Today, I thought of the boy who rewrote that poem of mine.
It’s hung on my mirror for the past two years, and now it has been packed and unpacked with the rest of my things that were moved into my new future home.
There may not be another reader more familiar with my poems and darkness and bitterness and aspirations than he. For three years, he was my unofficial editing partner. When the professor would ask us to pass our stories or poems, our eyes would meet in a rhythm and we’d pass our papers like secrets.
It was my junior year when I wrote that poem about a heartless beast. And he rewrote it with hope. With all of my frantic questions like “You read my blog??” and, “Who is this about??” it never once occurred to me that he thought my heart was silly. Walking down the stairs after class he said, “I just want you to know that not everyone is bad.”
With his poem for me now sitting in the home I’ll move into with Greg in a week, I wonder where he is now. The last time we spoke was after he graduated and left me at that little school in the mountains; we said we’d always be thankful for the internet and the chance to always watch what would happen with each other’s lives.
And I wonder what he would think of me now.
The girl he said could only write, “grey things.”
What would he think of my poems now? Would he stand up and clap? Would we share a smile and not have words for one another?
I’d imagine he’d laugh and say, “I told you so.”
And maybe he sits in his quaint England home an ocean away and smirks at his computer screen to see just how far I’ve come, how far these words have come.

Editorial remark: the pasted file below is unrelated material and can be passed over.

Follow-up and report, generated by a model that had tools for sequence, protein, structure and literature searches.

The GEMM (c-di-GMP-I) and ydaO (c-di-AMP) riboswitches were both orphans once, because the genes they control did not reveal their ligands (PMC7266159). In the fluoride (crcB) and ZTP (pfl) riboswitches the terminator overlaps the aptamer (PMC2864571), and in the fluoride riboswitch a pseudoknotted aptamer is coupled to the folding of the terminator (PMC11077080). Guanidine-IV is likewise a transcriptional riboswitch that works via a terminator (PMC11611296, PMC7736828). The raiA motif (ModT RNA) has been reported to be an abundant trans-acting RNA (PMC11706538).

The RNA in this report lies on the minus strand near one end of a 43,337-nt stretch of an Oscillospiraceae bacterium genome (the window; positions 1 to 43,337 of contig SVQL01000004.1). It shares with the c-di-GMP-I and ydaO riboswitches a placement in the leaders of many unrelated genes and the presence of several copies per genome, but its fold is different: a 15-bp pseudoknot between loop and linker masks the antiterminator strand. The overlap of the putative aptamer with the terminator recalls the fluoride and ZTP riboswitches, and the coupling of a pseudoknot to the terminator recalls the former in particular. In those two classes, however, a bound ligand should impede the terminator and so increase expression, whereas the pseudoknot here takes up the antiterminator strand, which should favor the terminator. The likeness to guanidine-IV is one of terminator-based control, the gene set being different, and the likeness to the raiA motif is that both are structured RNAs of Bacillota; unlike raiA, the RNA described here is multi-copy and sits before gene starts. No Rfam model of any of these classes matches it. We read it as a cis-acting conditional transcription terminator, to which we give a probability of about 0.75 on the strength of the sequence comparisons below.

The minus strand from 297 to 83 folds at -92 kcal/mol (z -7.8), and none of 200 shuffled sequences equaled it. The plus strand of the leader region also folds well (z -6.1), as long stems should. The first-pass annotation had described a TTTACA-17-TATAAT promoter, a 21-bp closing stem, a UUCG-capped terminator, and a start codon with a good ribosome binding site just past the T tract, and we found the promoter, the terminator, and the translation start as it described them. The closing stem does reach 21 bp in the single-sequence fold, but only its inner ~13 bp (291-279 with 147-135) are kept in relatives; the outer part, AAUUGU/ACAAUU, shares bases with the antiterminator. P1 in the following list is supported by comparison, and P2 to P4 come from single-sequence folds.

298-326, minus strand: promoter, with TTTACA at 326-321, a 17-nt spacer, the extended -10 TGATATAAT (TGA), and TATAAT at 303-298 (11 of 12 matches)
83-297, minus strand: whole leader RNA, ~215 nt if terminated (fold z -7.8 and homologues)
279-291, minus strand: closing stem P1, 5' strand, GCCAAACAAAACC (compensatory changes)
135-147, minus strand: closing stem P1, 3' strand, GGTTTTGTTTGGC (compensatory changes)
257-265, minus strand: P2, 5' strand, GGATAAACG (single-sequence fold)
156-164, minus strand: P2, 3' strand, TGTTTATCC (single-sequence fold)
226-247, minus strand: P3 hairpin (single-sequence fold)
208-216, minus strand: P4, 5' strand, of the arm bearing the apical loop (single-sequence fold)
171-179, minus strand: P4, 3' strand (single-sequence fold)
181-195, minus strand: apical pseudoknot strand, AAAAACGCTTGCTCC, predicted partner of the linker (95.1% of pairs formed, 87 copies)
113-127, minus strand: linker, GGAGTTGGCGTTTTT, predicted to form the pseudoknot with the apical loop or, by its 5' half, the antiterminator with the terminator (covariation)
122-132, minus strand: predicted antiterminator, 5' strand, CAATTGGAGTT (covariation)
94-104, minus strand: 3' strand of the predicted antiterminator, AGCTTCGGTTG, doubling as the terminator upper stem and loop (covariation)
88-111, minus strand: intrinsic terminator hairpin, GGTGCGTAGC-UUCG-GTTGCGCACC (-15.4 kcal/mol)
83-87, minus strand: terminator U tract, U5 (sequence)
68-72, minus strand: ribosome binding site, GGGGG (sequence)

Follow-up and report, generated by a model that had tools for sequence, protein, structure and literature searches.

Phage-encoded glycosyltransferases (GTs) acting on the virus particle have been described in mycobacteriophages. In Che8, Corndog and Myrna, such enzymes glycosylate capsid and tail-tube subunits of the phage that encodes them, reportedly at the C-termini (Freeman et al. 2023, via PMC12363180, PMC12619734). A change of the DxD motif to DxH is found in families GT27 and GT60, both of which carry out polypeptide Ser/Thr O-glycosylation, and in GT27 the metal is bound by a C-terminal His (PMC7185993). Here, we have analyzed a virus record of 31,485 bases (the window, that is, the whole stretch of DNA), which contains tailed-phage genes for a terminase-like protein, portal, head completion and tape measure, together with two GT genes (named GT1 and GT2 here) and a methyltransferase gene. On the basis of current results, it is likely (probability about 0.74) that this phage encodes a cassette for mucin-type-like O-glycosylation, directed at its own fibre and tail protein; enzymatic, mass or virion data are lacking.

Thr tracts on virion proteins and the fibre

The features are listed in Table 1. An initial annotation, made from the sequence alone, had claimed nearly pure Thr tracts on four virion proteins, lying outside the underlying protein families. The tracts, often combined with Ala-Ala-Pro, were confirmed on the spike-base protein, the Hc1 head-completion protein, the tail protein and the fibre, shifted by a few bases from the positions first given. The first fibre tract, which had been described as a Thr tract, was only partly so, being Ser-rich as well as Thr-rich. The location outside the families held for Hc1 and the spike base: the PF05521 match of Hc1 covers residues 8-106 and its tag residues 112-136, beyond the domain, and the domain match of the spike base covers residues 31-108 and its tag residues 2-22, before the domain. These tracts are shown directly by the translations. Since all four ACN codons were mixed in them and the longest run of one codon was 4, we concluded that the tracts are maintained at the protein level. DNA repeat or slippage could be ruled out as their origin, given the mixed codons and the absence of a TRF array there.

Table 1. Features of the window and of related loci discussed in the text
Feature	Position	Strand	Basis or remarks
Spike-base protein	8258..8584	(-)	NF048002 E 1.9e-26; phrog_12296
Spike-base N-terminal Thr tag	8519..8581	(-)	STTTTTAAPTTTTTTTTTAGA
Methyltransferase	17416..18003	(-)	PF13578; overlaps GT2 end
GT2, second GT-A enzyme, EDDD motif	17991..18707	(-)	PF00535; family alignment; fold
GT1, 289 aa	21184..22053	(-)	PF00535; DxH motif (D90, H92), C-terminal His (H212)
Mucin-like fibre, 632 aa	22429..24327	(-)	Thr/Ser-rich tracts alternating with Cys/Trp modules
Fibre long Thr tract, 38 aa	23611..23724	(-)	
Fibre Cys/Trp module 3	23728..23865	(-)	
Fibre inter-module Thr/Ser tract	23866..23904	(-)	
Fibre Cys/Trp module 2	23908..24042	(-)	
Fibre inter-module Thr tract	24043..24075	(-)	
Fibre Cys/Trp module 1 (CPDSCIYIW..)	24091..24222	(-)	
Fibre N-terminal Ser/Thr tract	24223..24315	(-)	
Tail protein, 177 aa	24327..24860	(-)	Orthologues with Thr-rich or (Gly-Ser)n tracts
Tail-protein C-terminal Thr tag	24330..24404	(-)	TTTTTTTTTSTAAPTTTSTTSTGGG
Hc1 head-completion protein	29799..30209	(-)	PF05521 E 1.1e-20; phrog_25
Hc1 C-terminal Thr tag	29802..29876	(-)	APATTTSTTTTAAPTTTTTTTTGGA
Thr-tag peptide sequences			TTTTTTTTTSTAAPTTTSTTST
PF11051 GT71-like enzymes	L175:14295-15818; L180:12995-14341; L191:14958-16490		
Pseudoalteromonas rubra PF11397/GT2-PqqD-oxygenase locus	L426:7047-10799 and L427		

How strange that I sit and read emails from anonymous strangers from all over the world, bleeding their secrets out onto a website in hopes that the right person will read their words– how strange that now I’m the one who so deeply wants to take a shot out into the void, to find him and wave my joy in front of him, screaming, “Look, look! I did it. I wrote a different story. I didn’t see it then, but I get what you were saying now. Thank you, thank, thank you.”
I’d tell him that not everyone is bad. I’d tell him I didn’t believe him, but I know better now. I’d ask him if he’s proud of me. I’d ask him if he likes my new story.
Our last semester together before he graduated, we had a creative writing class that spring. His poem was already hanging in my room at this point.
The first day, he took a seat next to me. Fumbling through my back pack for my books, I heard him say, “So. Will I be reading any hopeful stories from you this semester?”
Blowing the hair out of my face and finally heaving the books up on to my desk, I smiled.
If something inspires me.
Sometimes people can be ebenzers of how far we’ve come and what God has done. My ebenezer just happens to be a British boy with blue eyes who makes redemption feel like a poem.
And now I can tell the rest of the world that not all people are bad.